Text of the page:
Stop the (healthcare) madness! I often lecture (both when asked and not) about one of the most defective, yet easily correctable parts of our healthcare system. That is…our penchant for insuring risks that are neither catastrophic nor unexpected in cost or aspect. The administrative costs associated with processing lower cost healthcare claims slows down the system, and inflates already high premium costs
Both the pace and scope of changes in the healthcare/health insurance space accelerated this past week (7/15/19-7/19/19) with several important developments. Here’s a recap of what all took place…
Since the passage of the Affordable Care Act (ACA) in March of 2010, much has been discussed, debated, written, and deployed relative to healthcare FINANCING reforms (see insurance, Medicare, Medicaid, self-insured employers, fees/taxes, pre-existing conditions, essential health benefits, community rating, minimum loss ratio, etc.). But very little has been written, or even revealed for that matter, about the ACA’s healthcare DELIVERY reforms and incentives. This is too bad, since we know that $.80 to $.85 of every dollar of billed health insurance premium is directly related to healthcare delivery. So it stands to reason that if we could reduce health CARE costs, health insurance PREMIUMS would follow suit. Enter Accountable Care Organizations (ACO) into the equation. Let’s examine what ACO’s are…who they are…and why many are looking to them to save America’s healthcare system from imploding.
As employers, patients, and other stakeholders continue to struggle with the rising cost of healthcare (and health insurance!), one particular component of overall healthcare spending seems to be occupying the majority of attention – prescription drugs! In 2019, the U.S. is projected to spend $500 billion on prescription drugs alone, which marks a 12x increase from less than 20 years ago!* A number of factors are at play in the cost pressures affecting drugs, on both the supply and demand side. Much is being discussed and debated on the topic of addressing skyrocketing drug prices, including government intervention on a number of fronts. Needless to say, we are closely monitoring developments in the area of prescription drug trends. So here is the first of likely several posts addressing some of the more pressing matters affecting prescription drug use and spending.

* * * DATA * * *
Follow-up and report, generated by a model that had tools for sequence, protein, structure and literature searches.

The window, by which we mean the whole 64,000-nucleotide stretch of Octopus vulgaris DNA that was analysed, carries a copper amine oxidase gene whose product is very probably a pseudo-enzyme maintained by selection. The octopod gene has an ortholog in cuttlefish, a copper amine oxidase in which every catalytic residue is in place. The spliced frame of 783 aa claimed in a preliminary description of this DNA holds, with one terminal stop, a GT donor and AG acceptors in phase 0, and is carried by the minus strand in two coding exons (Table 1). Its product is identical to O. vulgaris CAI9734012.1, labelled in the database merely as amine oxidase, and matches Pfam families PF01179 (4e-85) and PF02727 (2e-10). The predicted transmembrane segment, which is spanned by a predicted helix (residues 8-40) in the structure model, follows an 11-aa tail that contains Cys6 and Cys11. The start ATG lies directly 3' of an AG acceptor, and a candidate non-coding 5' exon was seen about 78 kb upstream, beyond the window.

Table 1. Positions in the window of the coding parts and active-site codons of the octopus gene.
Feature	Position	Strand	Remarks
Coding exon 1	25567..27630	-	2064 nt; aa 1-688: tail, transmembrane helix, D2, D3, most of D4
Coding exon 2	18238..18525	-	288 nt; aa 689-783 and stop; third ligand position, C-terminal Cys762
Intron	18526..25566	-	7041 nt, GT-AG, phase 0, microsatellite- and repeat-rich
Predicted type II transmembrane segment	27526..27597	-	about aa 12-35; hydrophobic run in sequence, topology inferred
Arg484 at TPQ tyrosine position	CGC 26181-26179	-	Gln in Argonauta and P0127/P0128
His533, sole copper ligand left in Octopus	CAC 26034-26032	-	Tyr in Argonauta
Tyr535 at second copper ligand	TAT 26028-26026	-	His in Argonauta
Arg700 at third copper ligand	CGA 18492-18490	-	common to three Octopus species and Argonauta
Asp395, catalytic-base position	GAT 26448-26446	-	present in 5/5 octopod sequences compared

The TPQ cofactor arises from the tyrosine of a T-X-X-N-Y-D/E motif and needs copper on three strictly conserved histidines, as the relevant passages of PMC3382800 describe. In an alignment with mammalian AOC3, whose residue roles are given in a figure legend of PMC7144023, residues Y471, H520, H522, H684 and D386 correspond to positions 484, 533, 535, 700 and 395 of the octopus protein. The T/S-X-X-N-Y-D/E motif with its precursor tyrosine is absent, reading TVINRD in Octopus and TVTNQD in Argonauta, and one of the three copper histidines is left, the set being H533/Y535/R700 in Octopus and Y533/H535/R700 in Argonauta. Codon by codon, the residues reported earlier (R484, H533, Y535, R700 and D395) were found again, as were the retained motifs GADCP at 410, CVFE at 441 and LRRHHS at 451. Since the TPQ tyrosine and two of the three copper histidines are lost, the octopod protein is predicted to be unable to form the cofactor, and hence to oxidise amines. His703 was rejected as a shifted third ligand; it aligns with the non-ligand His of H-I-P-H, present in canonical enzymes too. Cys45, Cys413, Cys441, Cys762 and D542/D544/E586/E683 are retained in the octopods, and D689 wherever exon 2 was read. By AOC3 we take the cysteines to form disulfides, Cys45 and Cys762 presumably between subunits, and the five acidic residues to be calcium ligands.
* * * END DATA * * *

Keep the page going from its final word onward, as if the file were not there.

The “consumerization” of healthcare continues with the advent of a relatively new concept – prepaid healthcare! A company called – MDsave – is making headlines with their prepaid voucher concept for healthcare, which strongly resembles travel sites like Orbitz, Kayak, Expedia, and Travelocity.
Since the arrival of high deductible health insurance plans (HDHP) coupled with tax preferred spending accounts (SA) on to the employee benefits scene nearly 22 years ago, a number of “best practices” have emerged to assist employers and brokers/consultants in deploying them. These types of plans, often referred to as “consumer driven health” plans…or CDH, have five (5) specific employer best practices I have developed for successful introduction/open enrollment of such plans.
The United States Department of Justice (DOJ) has given the necessary approval of Cigna’s acquisition of pharmacy benefit manager (PBM) – Express Scripts. The $52 billion deal will result in a consolidated healthcare behemoth that some say, is in reaction to recent healthcare sector entrant – Amazon. Another large scale healthcare acquisition/merger – CVS/Caremark and Aetna – is currently under DOJ review, but is expected to be approved soon, in a $69 billion transaction. The Cigna/Express Scripts transaction is scheduled to be completed by the end of 2018.
Among the strategies being deployed by benefits brokers/consultants, on behalf of employers feeling squeezed by ever increasing health insurance costs is REFERENCE – BASED PRICING (RBP). Variances in the price of healthcare can be as much (or even more) as 500% for the same services…with little to no difference in quality. Don’t believe me? See forLEARN MORE